Last weekend, debilitated by a stomach virus, I watched Fed Up, a documentary that follows the role of sugar in the childhood obesity epidemic. The film sought to prove that in a diet with an excess of sugar and carbohydrates, exercise is futile in the fight against weight gain. If you’ve watched Food, Inc., Fed Up will provide you with similar feelings of anxiety.
Kids are picky eaters who tend to hate nutritious foods like vegetables. Most American children are addicted to processed foods, engineered to tickle all of their cravings with excessive levels of salt and sugar. Furthermore, they are brainwashed by commercials advertising these junk foods. So how do we get them to eat vegetables?
While Fed Up offered multiple encouraging solutions to this epidemic, it fails to address what I feel to be the most important and engaging tool in the fight to get kids eating vegetables: Cheese.
By themselves, vegetables can be boring, bitter, and watery. Moreover, without a little fat and protein, the body can’t even absorb all of their precious nutrients. And it’s tough to feel satiated on vegetables alone. But what if you pair them with a little cheese love?
In a study conducted by Cornell University, a diverse body of over 200 elementary school students were given one of two snacks while watching cartoons on TV: a nutrient-dense snack consisting of vegetables with cheese, and a non-nutrient-dense snack of potato chips. The research found that the children given the combination of cheese and vegetables ate 72% fewer calories compared to the kids given potato chips, yet also required significantly fewer calories to feel full. The authors concluded that kids should be provided with nutrient-dense foods such as cheese and vegetables due to their nutrient content as well as their ability to help control calorie intake.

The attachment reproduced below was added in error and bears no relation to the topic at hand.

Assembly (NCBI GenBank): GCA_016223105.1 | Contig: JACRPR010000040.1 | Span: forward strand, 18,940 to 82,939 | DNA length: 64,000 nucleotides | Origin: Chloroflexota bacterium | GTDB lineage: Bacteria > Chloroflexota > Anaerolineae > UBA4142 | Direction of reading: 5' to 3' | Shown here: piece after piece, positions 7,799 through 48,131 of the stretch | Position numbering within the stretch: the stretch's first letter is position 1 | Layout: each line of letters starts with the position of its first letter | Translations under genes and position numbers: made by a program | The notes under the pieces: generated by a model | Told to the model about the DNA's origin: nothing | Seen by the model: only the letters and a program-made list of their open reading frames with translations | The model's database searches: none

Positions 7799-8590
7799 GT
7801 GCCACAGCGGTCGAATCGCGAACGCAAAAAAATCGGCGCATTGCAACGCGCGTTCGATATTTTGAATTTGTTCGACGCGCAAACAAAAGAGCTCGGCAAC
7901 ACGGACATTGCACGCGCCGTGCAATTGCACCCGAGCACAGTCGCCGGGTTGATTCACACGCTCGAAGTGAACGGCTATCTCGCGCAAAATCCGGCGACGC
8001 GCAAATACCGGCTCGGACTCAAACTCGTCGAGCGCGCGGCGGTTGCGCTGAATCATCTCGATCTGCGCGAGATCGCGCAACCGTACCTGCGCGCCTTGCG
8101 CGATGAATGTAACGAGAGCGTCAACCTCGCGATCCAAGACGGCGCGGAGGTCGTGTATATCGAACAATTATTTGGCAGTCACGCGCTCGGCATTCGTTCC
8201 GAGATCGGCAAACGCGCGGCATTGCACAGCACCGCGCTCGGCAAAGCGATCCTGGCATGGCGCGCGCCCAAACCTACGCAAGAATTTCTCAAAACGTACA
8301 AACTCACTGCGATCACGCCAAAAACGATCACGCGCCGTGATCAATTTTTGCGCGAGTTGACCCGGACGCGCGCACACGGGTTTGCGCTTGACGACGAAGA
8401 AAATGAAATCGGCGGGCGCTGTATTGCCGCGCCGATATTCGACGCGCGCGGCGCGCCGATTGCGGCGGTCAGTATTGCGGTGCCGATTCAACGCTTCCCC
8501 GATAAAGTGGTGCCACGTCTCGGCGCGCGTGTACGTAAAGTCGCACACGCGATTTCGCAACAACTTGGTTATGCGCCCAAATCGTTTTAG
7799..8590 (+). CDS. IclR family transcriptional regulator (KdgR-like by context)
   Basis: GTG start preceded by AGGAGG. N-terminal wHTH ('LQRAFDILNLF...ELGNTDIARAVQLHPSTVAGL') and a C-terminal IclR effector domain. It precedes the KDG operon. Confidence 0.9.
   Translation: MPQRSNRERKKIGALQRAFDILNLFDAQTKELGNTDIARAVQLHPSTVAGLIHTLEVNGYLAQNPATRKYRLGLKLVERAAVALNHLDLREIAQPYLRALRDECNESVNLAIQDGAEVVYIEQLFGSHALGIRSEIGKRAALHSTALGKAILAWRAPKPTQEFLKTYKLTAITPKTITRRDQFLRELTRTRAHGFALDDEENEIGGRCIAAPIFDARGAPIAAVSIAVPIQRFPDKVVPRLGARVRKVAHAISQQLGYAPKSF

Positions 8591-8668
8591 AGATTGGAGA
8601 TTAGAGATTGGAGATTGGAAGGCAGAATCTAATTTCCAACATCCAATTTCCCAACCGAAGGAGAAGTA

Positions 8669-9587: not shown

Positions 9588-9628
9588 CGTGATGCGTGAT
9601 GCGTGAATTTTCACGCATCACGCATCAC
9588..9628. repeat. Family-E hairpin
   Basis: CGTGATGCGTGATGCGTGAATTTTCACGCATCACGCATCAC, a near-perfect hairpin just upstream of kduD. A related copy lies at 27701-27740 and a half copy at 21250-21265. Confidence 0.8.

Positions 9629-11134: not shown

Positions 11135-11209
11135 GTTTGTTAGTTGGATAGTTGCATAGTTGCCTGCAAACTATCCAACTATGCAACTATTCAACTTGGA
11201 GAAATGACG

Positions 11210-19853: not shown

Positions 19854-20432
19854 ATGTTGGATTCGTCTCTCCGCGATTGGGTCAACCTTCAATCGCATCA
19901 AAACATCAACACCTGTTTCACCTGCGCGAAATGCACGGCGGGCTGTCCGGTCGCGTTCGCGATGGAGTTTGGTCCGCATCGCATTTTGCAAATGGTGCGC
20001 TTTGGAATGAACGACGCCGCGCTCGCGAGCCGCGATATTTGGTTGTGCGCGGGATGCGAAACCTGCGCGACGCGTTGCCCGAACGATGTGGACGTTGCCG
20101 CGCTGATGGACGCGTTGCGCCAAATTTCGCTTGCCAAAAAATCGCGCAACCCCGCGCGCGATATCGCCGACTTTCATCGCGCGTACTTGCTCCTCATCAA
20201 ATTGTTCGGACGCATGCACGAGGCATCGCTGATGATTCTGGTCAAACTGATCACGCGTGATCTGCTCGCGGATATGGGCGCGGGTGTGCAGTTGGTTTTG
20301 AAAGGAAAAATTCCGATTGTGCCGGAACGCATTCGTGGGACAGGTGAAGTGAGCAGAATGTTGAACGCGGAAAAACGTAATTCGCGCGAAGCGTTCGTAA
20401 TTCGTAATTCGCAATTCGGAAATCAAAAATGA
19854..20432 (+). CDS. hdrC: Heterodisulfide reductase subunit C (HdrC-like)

The findings in this study are unsurprising when you consider that cheese is an almost nutritionally perfect food, lacking only Vitamin C and dietary fiber, which vegetables can provide. As I said before, however, kids are picky eaters. How do we know that they’re going to eat cheese, much less the vegetables hiding behind it?
The answer is all in your approach. Kids are very tactile, so it’s best to serve them interactive finger foods like dips and even snacks they can put together themselves. It’s also important to find the right cheeses, but I’ve got you covered on that front. Scroll down and take a look at these five delicious, kid friendly cheeses and my healthy serving ideas.